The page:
Federal and State Missions
The 161st Air Refueling Wing’s federal mission is to organize, train and equip units and individuals to meet worldwide requirements in support of the Air Force’s Global Reach mission. It is a combat force multiplier for rapid mobilization, worldwide deployment, airlift, aeromedical evacuation and sustained aerial refueling operations for United States and partner nation air forces. The unit enables global engagement by maintaining all-weather warfighting capability in support of conventional and nuclear operations, special operations, contingency tasking, and homeland defense.
As a component of the Arizona National Guard, the wing has a state mission to provide protection of life, property and preserve peace, order and public safety. These missions are accomplished through emergency relief support during natural disasters such as floods, earthquakes and forest fires; search and rescue operations; support to civil defense authorities; maintenance of vital public services and counterdrug operations.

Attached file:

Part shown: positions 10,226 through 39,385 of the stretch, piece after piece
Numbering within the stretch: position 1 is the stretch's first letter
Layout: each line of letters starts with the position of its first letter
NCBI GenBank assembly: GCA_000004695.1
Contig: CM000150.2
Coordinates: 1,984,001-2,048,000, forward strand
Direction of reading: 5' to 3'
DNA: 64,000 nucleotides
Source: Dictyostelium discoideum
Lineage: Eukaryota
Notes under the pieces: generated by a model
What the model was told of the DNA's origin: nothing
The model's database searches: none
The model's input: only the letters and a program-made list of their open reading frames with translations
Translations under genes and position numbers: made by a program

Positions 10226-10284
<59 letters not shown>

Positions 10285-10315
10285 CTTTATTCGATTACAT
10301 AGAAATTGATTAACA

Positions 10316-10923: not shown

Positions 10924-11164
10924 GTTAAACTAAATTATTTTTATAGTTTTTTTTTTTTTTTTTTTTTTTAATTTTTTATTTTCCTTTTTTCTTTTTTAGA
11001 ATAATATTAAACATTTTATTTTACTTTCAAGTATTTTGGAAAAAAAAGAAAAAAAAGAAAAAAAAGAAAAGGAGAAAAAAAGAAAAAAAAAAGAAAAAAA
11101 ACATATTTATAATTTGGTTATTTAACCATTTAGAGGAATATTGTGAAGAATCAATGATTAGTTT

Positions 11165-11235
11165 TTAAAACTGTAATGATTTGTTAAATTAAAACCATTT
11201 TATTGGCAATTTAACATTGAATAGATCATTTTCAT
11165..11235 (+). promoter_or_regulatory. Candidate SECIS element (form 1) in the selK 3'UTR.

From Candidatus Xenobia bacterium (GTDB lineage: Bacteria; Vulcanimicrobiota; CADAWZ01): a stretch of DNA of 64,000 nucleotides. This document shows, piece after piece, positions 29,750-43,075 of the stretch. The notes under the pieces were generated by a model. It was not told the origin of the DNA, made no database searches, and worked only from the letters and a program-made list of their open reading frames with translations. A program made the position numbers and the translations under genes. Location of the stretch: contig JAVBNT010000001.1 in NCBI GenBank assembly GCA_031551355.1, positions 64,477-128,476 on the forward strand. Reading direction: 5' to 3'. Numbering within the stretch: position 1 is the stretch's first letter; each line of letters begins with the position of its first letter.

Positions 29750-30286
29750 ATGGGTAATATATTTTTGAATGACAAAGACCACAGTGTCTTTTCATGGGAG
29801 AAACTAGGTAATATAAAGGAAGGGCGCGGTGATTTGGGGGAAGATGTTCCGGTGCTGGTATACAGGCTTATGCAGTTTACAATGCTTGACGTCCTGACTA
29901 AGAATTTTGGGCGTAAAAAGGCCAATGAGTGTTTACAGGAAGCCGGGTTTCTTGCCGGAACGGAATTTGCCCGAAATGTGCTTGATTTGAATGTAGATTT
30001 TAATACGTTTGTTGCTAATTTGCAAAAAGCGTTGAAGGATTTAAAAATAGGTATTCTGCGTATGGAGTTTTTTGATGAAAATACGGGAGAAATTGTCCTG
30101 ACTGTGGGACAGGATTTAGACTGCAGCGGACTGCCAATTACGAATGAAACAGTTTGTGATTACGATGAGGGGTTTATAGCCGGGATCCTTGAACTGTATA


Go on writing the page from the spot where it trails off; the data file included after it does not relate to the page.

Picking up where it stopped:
Vision for the 161st
Expand to Meet Demand The 161st Air Refueling Wing’s primary goal is to increase its fleet of permanently assigned KC-135s from eight aircraft to 12. Four additional tankers will help ensure the wing meets demand in the Southwest and continues in its role as a key mobility force for the next 70 years.
The KC-135 is the core air refueling platform for the United States Air Force and has excelled in this role for more than 50 years. The 161st operates the KC-135 “R” model, the latest version of the aircraft. Depending on the fuel storage configuration, the KC-135 can carry up to 200,000 pounds of JP-8 fuel, and 83,000 pounds of cargo, or personnel.
Between aeromedical evacuations, disaster relief efforts, and delivery of cargo and personnel, the 161st is one of the busiest tanker units in the Air Force and the Air National Guard. The wing deploys the tanker globally, landing and operating in both foreign and domestic soil in order to support multinational military and humanitarian missions, flying an average of 3,800 hours annually.